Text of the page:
The U.S. Department of Justice (DoJ) on Monday said it won’t challenge the videoconferencing deal and the European Commission, which worked on a joint investigation with the DoJ, cleared the transaction.
The DoJ originally had some antitrust concerns but said in a press release that the videoconferencing market continues to evolve and Cisco has promised the European Commission it will provide interoperable systems.
Cisco wants TANDBERG for its telepresence, or face-to-face meetings over high-definition video, expertise. TANDBERG has headquarters in Oslo and New York; Cisco is based in San Jose, Calif. It is the No. 1 provider of telepresence equipment in the world. TANDBERG, meanwhile, is the world’s largest videoconferencing vendor. It reported about $900 million in revenue in 2009 while Cisco boasted about $35 billion in the same time frame.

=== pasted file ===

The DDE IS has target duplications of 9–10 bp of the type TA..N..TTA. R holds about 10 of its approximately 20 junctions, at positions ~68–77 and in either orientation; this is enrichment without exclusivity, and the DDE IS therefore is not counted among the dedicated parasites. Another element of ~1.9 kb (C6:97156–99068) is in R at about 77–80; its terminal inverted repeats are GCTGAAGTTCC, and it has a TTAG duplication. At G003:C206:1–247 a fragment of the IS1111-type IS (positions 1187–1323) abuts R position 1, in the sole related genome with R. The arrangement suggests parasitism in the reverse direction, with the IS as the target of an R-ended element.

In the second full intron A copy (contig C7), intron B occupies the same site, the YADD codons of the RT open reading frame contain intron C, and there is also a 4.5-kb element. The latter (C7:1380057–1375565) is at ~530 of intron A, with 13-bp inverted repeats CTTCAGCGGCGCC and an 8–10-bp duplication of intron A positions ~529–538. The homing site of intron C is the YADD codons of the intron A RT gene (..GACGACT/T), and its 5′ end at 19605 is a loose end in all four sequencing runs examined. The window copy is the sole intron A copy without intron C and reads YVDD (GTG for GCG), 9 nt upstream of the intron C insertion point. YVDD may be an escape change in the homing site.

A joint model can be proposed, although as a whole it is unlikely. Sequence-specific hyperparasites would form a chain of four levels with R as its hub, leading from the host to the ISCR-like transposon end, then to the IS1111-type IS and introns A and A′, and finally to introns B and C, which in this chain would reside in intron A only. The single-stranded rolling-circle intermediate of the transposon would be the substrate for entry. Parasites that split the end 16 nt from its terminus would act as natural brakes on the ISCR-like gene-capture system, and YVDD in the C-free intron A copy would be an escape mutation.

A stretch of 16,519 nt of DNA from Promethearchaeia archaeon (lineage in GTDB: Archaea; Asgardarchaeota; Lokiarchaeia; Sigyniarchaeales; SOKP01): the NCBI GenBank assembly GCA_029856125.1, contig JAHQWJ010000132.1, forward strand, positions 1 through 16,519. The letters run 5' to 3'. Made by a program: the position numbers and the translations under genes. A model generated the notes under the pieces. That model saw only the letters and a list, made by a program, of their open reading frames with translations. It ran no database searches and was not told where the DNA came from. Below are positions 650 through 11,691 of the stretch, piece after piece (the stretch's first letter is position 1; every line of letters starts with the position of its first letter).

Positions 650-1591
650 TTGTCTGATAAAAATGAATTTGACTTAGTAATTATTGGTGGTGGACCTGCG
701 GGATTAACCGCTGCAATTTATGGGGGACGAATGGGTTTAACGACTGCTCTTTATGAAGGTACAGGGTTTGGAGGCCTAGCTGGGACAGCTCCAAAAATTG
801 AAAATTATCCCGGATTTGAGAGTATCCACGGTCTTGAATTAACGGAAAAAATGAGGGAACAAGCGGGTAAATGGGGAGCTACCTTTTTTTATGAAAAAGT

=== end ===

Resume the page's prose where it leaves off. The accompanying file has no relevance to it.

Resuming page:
Cisco’s takeover of TANDBERG was not always assured – shareholders balked for months at the deal’s proposed per-share price, so much that Cisco almost abandoned its bid for TANDBERG.
The Cisco-TANDBERG transaction should be finalized in a couple of weeks.
Shares of Cisco closed .53 percent higher on Tuesday at $26.65.
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